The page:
5. End the Drug War
Nothing has been more destructive to Latin-American civil liberties and institutional stability than drug prohibition. Since the 1970s, the United States has embarked on a domestic and international anti-drug crusade that has yielded very little to no positive results.
Instead, it has given drug cartels incentive to expand and consolidate their operations, militarized police across the region, and created an unhealthy dependency on the United States for defense purposes.
Legalization and decriminalization are the only ways to cripple drug cartels and ameliorate drug-related issues. Drug abuse is ultimately a public heath and societal concern that is best handled by civil society, not the state. Ending the war on drugs will allow for resources to be reallocated to more productive sectors of the economy and drug-rehabilitation services.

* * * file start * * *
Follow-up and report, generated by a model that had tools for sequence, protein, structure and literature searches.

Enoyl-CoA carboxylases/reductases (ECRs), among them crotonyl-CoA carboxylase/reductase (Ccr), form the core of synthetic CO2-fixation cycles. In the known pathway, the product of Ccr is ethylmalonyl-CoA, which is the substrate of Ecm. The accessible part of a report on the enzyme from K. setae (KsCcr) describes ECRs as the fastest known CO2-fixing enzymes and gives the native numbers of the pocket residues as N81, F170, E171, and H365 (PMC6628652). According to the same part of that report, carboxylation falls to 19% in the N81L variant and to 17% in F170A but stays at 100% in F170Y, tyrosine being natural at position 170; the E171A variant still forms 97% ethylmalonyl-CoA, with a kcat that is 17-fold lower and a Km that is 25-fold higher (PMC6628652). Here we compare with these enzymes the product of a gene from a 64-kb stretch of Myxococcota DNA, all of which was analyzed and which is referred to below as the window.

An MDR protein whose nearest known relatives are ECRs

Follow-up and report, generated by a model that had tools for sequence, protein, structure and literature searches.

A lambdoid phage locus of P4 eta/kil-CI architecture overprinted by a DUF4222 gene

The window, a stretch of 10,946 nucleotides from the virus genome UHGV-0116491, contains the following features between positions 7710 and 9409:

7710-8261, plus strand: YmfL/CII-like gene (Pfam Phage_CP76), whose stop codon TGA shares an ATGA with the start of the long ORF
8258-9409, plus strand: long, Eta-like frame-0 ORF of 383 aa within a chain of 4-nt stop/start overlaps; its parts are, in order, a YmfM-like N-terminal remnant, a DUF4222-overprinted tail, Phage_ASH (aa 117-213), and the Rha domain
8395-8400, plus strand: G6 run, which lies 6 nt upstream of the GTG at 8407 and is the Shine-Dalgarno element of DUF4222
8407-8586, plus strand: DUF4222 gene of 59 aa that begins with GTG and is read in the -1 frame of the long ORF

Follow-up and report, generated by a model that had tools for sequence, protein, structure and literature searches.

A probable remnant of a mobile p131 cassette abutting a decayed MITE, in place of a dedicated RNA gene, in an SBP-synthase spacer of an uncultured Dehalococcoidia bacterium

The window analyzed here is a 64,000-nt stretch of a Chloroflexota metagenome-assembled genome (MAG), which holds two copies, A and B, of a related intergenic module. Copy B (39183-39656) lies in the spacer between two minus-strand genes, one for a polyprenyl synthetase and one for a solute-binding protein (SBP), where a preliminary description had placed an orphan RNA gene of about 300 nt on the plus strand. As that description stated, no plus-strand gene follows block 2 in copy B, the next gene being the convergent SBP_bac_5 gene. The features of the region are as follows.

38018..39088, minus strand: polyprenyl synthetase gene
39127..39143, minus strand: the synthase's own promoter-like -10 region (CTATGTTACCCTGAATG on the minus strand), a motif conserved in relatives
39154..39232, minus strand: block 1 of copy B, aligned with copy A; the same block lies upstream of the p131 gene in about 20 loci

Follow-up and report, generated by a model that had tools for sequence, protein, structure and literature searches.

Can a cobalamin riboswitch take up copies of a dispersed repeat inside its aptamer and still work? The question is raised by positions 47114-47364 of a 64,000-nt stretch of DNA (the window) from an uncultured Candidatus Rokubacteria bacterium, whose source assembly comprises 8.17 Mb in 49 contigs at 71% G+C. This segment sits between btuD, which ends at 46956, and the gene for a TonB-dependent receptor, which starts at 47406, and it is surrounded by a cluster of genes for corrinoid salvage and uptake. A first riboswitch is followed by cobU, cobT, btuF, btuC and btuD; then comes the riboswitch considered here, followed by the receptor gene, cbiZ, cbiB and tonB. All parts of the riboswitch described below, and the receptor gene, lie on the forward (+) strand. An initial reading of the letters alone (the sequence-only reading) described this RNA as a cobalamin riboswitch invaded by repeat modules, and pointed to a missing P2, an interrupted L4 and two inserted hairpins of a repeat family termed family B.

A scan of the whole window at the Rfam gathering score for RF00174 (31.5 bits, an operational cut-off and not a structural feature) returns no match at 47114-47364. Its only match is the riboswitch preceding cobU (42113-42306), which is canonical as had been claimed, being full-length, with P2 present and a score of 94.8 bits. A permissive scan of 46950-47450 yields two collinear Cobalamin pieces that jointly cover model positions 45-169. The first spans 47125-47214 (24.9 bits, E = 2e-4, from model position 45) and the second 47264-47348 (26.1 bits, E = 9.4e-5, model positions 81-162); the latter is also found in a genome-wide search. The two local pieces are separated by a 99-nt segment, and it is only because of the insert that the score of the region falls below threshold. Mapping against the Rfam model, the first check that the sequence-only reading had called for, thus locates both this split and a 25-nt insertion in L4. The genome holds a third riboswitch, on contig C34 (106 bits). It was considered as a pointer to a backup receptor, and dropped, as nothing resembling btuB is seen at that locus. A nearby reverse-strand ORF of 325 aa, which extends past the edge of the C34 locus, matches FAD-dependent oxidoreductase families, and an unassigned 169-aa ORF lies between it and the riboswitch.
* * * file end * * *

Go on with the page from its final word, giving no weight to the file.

6. Less Foreign Aid
Foreign aid may seem innocuous, but like any top-down government program, there are always unintended consequences. Despite its noble intentions, foreign aid is generally mismanaged, falls into the hands of corrupt politicians, and creates dependency.
In effect, foreign aid is welfare on a nation-state level. Instead, Latin-American countries should pursue a more efficient form of “foreign aid”: free trade and direct foreign investment.
7. Remove Barriers to Business
Many aspiring entrepreneurs in Latin America are kept of out of the game due to onerous regulatory procedures. No honest entrepreneur should be forced to jump through so many regulatory hoops.
It’s time to stop to treating business owners like criminals that have to be screened at every step of the way.